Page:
Just a short drive on a two-lane road from the Dunkin' Donuts here, the Golden Generation Retreat Center hardly seems like the home of one of the world's leading Islamic thinkers.
A metal gate at the driveway stands open, and no fences or walls protect the 25-acre property from suburban homes and rolling hillsides nearby. Officials recently invited their neighbors to celebrate the opening of a three-story meeting center and share a Thanksgiving feast.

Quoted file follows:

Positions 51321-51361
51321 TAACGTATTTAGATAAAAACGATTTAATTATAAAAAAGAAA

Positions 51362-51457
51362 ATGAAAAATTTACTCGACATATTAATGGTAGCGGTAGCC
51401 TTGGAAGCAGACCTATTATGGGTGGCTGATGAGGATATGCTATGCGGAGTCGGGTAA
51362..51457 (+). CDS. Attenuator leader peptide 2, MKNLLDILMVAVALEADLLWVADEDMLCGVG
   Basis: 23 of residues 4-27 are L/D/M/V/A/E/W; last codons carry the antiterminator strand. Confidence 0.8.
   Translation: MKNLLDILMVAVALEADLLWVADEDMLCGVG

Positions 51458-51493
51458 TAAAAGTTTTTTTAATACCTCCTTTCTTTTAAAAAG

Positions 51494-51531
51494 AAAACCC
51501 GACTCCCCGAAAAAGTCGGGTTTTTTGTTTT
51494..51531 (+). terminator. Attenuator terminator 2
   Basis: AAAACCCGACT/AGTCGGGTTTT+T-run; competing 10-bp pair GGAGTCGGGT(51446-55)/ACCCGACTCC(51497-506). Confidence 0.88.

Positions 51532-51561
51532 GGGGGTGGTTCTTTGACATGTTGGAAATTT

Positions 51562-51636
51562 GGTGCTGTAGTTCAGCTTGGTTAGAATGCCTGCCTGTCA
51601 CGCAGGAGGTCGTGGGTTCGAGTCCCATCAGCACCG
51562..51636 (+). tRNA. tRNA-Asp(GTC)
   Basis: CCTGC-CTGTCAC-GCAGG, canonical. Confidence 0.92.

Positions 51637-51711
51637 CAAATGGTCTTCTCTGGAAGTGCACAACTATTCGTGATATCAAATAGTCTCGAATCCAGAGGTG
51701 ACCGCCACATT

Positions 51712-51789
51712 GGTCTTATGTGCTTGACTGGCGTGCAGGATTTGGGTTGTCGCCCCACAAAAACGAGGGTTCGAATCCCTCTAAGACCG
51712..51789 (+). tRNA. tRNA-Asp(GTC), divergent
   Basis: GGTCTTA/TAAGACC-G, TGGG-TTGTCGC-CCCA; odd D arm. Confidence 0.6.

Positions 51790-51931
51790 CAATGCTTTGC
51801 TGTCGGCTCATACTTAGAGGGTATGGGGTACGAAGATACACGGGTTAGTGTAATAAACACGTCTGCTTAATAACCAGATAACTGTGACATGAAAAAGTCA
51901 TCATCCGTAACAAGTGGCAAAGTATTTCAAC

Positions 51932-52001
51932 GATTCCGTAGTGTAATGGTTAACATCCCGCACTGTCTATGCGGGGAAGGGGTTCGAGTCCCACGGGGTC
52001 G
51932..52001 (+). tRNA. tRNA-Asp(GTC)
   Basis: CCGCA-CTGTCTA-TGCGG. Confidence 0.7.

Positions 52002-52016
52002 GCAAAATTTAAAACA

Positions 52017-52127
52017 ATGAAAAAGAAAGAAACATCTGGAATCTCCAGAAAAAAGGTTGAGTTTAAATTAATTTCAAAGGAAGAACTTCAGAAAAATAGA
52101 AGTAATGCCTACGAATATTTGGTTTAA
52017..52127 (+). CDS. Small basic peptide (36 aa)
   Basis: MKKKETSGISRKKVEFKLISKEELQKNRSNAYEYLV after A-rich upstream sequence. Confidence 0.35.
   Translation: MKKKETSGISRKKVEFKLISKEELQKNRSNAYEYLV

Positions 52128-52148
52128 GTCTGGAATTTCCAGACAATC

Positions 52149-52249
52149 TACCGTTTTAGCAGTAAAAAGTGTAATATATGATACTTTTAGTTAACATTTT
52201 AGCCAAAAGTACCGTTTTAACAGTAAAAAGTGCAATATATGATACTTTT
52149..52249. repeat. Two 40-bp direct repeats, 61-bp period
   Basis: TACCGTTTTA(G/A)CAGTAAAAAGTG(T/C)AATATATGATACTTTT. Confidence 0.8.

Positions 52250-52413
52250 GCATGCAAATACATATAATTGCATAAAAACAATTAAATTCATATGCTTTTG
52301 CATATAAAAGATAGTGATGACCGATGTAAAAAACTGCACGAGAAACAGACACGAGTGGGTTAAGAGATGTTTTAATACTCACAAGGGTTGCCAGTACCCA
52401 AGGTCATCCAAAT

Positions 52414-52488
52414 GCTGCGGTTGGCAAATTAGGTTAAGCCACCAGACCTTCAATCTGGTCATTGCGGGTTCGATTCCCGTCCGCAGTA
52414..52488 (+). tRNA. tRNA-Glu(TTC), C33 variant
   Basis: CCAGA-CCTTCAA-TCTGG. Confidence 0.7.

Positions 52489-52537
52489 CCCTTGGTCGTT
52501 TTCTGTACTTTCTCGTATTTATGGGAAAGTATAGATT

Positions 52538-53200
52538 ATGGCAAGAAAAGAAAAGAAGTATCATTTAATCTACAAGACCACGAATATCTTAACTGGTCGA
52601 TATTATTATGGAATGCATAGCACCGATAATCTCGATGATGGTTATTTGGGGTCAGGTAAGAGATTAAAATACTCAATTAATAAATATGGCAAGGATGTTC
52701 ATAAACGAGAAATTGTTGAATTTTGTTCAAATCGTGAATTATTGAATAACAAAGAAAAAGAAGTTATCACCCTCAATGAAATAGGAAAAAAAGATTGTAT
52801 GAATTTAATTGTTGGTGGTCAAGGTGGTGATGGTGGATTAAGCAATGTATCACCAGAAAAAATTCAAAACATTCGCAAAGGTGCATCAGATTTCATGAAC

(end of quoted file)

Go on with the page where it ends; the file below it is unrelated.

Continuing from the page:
"They're friendly people," said Rod Schreck, 74, who lives within walking distance.
"Put it this way," his wife, Maxine, 69, said, "they're better to us than we are to them."
Still, mystery surrounds the center's most famous guest, Fethullah Gulen, a Turkish imam who has lived here for 11 years after arriving in the United States for medical treatments. Gulen practices Sufism, a mystical form of Islam that requires strict religious observation, austerity and abstinence, according to one of his more than 60 books.